Three Actions to Help You Navigate Change at Work – Managing and Thriving in Times of Change

Do you ever struggle with change at work? It's easy and natural to resist change, is not it? It's understandable to get kept up in the old “If it is not broken, do not fix it” mentality. Consider how to manage changes going on at work. Your company / organization / agency is organic. It's…

Do you ever struggle with change at work? It's easy and natural to resist change, is not it? It's understandable to get kept up in the old “If it is not broken, do not fix it” mentality.

Consider how to manage changes going on at work. Your company / organization / agency is organic. It's an ever-changing, ever-evolving entity made up of people to serve people.

And what do we know about people? Always changing.

Recent research reflects that part of your “happiness factor” is how much perceived control you have over your life. (Funny to call it 'perceived' control.)

With change, we often feel we've lost that sense of control, control over our job security, money, livelihood.

Yeap, change can be scary. But let's see if we can manage some of that lack of control feeling that comes with change, shall we?

These 3 Actions will help you take control of change at work:

Here are three actions you can take to give yourself a professional edge when it comes to controlling change happening at work.

Action # 1: Be open-minded and positive about change at work. A while back, Harvard Business Review published an article about how to protect your job in times of economic upheaval. It mentioned of course, change. The bottom line here is that you want to show that you are open to changes and on board to try new approaches.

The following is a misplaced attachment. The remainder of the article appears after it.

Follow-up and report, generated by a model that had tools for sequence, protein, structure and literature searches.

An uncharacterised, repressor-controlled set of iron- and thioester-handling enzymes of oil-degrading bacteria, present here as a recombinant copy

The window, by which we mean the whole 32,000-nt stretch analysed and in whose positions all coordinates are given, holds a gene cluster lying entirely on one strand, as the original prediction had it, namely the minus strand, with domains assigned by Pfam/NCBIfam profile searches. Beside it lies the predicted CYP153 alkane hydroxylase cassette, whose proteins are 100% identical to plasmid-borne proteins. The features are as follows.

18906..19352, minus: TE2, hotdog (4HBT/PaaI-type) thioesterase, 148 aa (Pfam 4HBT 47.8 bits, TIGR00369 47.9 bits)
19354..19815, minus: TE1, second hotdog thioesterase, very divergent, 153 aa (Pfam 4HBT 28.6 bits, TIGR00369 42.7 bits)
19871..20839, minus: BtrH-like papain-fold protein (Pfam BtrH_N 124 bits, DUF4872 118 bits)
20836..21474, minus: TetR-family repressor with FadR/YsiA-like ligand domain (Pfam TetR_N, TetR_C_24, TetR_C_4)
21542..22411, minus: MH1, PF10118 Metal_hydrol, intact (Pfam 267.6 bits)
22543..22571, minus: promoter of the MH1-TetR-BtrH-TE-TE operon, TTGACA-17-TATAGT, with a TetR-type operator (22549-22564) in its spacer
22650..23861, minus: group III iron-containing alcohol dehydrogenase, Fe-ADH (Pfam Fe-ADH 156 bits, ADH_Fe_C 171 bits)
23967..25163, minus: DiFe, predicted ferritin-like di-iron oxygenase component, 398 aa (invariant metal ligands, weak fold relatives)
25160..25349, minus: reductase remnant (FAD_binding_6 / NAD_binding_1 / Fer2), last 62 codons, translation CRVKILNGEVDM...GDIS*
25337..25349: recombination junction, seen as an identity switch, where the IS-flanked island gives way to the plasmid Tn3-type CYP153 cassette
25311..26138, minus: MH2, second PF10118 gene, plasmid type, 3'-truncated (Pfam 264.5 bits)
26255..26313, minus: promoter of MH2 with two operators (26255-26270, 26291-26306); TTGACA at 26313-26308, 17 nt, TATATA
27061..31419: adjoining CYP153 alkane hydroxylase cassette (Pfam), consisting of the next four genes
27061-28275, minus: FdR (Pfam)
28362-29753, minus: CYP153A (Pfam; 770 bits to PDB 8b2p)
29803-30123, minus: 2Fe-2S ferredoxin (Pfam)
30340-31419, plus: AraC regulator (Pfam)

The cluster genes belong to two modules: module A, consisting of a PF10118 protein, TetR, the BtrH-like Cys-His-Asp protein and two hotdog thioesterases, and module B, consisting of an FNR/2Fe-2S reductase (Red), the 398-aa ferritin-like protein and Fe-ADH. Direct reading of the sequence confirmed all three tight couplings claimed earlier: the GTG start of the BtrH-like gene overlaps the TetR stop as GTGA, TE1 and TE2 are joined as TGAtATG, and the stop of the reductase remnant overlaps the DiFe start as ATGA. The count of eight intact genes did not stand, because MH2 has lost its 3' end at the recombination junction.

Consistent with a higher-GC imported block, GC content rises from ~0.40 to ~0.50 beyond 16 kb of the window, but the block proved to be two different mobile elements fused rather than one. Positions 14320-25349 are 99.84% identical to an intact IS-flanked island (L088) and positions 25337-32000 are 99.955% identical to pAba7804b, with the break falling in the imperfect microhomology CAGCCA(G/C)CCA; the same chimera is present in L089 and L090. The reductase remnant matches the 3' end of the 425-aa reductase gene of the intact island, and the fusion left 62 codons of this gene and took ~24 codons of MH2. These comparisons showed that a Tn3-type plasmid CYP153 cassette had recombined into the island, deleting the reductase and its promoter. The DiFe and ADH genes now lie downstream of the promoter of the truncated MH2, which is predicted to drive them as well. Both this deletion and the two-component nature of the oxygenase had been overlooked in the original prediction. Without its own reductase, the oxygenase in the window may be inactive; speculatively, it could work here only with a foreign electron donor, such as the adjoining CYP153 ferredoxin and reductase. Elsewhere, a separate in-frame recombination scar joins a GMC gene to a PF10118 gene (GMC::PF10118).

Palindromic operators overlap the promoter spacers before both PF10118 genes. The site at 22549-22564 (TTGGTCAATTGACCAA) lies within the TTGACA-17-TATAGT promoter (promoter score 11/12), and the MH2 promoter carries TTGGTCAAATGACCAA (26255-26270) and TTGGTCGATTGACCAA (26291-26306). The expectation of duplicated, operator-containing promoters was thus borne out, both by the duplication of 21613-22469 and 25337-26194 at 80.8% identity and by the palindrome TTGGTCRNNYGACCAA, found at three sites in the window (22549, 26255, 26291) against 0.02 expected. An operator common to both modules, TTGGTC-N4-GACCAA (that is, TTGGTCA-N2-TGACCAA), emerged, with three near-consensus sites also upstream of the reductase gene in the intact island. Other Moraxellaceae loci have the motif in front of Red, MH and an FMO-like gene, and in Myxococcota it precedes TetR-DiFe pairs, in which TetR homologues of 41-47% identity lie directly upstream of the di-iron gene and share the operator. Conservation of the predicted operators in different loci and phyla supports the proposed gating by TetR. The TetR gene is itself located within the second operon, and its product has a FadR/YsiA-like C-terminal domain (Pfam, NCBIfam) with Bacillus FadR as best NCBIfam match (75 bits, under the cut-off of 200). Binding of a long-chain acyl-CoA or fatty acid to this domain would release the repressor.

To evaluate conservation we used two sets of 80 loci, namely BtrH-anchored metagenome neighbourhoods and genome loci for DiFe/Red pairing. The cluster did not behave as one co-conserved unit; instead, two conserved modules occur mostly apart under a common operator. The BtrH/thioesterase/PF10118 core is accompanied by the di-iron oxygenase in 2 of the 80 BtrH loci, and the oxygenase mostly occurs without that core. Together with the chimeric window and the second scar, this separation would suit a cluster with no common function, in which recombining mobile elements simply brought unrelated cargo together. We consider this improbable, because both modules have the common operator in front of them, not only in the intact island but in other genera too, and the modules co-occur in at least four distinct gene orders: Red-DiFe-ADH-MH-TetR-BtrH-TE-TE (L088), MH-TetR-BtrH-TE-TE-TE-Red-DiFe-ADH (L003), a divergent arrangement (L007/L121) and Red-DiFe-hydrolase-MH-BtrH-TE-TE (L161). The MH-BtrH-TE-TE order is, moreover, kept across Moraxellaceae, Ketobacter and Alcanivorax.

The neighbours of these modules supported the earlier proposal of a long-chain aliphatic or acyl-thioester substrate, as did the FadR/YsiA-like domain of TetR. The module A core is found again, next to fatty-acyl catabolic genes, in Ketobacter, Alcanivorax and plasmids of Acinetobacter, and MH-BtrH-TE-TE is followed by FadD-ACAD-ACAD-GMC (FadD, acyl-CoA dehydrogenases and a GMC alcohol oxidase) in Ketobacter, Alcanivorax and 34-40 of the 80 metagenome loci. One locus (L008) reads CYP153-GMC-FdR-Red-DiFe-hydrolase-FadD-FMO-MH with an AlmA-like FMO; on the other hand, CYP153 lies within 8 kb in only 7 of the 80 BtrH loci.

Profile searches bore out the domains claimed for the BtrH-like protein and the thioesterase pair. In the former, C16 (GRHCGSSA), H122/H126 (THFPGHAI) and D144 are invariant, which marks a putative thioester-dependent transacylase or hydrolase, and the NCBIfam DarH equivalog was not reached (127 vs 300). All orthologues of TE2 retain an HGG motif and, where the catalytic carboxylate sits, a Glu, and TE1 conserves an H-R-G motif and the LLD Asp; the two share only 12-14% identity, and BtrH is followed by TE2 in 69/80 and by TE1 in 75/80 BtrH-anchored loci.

Action # 2: When changes start to happen, and part of the plan fails, and it will, remain open to tweaking the process. People who are closed-minded and resistant to change like to point out parts of the plan that fail as proof that the entire idea of ​​change was a bad idea. It's the old, “See, told ya it would not work mentality.” You do not want to be that person.

Action # 3: Keep your professional skills sharp and current. What have you done for you laately? Can you prove to your boss that you've attended training of some kind? There are so many high quality on-line courses, teleseminars and live and in-person workshops, seminars and coaching available that you have countless opportunities to make sure you're staying on top of professional development.

As always, a bonus tip to help you manage change at work:

Action # 4: When you do attend a class, whether by webinar, teleseminar, or workshop, be sure to write up (that very day!) An Executive Summary. Here, you write in one page, in bullet statement format, the highlights of that training.

And an extra bonus tip to help you manage change at work:

Action # 5: Offer to share these ideas with others in a 20-minute briefing. You will now be showcasing the fact that you continuously update your skills AND you share that knowledge with others. This is a great way to toot your horn without blowing it!

Change is inevitable. To help you be prepared, recall the words of hockey legend, Wayne Gretsky. When asked, “How is it you score so many goals?” He answered, “I skate to where the puck is going.”

Individuals and organizations ignore this at their own peril.

Just ask Cisco.

Two years ago, Cisco bought the Flip Camera business for $ 590 million. The Flip Camera has been made obsolete by the smart phone. Who needs an extra device to capture video when your phone will do the same thing?

Cisco is now, two years later, closing that part of their business. It will cost them an additional $ 300 million toructure their company around this closure. Five hundred and fifty jobs will be lost.

If you think change is hard, try being irrelevant. You do not want to have a Flip Camera in a smart phone world.

“It is not the strongest of the species that survives, nor the most intelligent, but the one most responsive to change.” Charles Darwin

Here's to skating to where the puck is going.